About three years ago, I was sitting in my office–basically a bull pen with six other people–and I started to talk with one of my office mates about the abysmal prospects for the job market. My colleague suggested I look into applying for a Fulbright award. At the time, the idea intrigued me; however, I did not necessarily want to apply when I did not know where I would be the next academic year. I was an adjunct at that point, and I was neck deep in job ads trying to find a more steady income. Fast forward two years, and I was still on the job market, looking for the ever elusive Tenure Track position that feels like a search for the Loch Ness monster. It was at this point, with a little more stability, when I decided to apply for a Fulbright.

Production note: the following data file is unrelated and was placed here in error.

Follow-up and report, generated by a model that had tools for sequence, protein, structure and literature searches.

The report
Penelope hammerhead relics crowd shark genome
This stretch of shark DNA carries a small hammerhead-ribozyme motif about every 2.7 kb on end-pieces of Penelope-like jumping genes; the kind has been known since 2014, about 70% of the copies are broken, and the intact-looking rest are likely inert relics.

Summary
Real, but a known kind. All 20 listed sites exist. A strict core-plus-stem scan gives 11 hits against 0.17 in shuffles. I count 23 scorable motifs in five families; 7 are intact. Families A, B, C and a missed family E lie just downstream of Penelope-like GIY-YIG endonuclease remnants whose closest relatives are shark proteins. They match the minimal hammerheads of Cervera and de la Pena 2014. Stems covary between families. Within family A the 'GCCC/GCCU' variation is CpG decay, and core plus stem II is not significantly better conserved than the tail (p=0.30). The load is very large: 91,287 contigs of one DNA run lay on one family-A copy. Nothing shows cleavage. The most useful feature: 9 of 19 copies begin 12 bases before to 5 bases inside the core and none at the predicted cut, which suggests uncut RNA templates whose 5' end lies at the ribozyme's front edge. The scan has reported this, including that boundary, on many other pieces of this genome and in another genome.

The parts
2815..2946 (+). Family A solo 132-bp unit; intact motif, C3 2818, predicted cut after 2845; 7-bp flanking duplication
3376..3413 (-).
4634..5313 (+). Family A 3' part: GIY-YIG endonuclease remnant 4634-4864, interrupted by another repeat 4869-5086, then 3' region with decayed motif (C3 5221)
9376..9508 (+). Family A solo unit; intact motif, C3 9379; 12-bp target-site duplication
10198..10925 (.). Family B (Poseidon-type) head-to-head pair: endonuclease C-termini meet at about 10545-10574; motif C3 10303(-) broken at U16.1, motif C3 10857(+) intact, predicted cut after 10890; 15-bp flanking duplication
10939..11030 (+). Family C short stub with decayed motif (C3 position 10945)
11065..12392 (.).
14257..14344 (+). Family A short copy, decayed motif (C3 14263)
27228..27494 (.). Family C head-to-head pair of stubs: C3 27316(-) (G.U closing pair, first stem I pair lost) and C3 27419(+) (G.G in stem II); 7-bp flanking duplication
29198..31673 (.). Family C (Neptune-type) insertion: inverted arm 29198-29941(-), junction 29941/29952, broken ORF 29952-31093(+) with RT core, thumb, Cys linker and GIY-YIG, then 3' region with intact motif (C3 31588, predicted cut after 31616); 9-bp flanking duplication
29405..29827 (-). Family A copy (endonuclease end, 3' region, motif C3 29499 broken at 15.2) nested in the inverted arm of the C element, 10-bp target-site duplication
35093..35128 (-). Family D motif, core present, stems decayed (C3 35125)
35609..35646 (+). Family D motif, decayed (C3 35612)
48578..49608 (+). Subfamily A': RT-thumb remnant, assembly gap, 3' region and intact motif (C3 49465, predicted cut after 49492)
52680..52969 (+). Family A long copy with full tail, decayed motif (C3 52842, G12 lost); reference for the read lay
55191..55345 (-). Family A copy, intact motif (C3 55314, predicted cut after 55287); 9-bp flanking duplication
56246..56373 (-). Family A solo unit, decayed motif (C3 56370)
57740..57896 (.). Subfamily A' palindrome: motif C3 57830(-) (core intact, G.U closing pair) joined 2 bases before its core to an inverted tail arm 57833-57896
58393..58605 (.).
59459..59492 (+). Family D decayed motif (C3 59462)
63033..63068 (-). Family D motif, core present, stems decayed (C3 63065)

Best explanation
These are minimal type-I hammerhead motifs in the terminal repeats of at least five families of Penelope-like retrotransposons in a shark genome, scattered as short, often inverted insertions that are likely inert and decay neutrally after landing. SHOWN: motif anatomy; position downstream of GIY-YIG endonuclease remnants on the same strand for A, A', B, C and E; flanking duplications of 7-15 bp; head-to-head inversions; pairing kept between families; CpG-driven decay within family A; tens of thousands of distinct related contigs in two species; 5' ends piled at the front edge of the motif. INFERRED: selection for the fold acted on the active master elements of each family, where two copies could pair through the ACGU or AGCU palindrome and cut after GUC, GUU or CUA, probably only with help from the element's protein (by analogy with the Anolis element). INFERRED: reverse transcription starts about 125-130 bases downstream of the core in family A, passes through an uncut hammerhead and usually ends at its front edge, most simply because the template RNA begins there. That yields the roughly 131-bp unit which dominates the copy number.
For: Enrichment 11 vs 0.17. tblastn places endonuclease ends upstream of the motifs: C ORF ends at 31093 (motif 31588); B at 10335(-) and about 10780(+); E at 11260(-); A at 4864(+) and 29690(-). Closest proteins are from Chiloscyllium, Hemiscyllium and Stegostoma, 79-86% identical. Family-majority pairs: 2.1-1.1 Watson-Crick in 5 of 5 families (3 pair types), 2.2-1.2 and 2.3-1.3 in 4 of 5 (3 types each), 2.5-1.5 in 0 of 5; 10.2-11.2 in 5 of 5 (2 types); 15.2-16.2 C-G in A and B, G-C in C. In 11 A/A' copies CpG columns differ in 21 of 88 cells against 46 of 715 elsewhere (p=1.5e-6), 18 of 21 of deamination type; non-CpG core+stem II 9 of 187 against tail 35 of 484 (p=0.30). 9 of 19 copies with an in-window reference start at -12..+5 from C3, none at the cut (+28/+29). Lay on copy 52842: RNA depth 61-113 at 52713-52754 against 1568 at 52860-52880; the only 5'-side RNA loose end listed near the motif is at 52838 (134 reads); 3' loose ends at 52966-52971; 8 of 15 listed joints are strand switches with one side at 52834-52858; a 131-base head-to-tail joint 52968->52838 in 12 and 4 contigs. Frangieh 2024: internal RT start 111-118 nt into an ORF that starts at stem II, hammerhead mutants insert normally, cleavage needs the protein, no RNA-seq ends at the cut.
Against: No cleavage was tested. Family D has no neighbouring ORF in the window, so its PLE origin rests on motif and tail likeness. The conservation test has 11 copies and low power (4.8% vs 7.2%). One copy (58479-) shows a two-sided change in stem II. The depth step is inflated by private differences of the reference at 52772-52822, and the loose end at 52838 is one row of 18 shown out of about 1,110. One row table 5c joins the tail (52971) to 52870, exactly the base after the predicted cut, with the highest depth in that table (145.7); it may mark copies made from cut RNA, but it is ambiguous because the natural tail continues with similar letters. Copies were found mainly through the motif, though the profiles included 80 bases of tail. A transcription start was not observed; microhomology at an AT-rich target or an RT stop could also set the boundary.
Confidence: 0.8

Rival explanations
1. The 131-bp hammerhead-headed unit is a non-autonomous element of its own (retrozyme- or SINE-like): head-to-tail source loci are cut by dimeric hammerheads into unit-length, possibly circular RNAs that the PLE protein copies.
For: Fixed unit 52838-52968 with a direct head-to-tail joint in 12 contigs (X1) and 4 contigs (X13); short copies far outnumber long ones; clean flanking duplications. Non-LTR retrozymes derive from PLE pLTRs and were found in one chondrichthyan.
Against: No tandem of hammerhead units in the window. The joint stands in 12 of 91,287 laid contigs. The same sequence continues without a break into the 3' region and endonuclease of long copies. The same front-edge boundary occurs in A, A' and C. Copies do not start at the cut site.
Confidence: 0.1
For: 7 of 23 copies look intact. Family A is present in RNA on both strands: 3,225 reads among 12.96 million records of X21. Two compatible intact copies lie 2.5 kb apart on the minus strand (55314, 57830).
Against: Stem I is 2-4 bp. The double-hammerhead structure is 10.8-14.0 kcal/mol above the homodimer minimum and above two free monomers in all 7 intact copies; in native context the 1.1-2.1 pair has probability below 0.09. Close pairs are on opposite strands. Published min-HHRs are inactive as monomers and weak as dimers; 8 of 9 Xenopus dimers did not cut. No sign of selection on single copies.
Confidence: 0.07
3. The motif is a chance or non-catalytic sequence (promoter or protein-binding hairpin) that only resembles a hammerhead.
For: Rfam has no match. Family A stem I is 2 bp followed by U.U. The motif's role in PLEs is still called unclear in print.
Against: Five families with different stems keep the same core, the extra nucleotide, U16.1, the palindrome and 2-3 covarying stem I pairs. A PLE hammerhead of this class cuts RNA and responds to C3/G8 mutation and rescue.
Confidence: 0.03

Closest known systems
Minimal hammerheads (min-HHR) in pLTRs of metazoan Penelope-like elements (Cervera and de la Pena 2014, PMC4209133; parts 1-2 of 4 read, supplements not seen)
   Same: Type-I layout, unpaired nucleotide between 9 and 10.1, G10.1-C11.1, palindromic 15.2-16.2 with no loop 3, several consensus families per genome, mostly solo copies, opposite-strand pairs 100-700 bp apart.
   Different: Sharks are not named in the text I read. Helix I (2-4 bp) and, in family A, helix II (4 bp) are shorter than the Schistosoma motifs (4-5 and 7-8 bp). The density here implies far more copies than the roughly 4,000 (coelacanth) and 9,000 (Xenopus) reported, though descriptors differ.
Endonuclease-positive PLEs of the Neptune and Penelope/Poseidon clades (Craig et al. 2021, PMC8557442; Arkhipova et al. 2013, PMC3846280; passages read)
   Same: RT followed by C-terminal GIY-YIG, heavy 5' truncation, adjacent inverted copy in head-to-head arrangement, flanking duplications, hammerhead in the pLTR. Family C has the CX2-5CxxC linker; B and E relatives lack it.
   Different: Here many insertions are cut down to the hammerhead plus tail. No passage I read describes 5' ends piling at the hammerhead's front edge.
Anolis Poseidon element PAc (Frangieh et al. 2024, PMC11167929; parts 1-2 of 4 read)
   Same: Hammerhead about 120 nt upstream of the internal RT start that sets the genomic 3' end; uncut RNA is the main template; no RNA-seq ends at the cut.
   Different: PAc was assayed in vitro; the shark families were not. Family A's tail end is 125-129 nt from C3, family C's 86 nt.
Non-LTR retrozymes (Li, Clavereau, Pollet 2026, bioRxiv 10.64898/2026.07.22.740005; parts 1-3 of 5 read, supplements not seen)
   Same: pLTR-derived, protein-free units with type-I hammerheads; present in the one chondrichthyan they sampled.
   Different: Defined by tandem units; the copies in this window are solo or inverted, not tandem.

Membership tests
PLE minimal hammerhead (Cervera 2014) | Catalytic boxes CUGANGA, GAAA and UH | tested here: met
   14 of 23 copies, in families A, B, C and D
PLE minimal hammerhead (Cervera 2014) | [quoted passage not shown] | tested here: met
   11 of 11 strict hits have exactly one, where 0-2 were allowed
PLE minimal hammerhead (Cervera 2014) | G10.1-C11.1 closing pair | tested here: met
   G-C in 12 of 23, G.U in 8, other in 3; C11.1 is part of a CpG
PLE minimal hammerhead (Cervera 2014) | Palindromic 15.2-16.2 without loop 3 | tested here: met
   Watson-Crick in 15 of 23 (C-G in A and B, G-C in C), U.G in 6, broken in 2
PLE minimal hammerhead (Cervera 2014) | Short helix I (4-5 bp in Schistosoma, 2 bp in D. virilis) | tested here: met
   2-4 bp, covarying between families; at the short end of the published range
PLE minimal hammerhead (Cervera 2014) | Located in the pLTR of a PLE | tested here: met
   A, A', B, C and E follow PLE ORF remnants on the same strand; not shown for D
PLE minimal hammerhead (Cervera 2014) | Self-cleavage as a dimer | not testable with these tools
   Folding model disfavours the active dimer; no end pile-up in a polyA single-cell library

Reading Junot Díaz’s “Drown,” my mind constantly kept going back to texts such as Lorraine Hansberry’s A Raisin in the Sun and James Baldwin who said, “Anyone who has ever struggled with poverty knows how extremely expensive it is to be poor.” Along with these items, I also thought about the power structures that keep Yunior de Las Casas in subjugation and essentially strip him of the power to even dream beyond the confines of his own environment. It is these aspects that I want to briefly discuss today.
Throughout Lorraine Hansberry’s A Raisin in the Sun, one character hovers over the entire play as a specter of the past. This character is Big Walter, Lena’s husband and Benetha and Walter Lee’s father. Even though he does not appear on stage in the script, he exists as an important part of the narrative. His death, which we do not see, causes the action within the play because the entire family awaits the $10,000 insurance check from the passing of the family’s patriarch.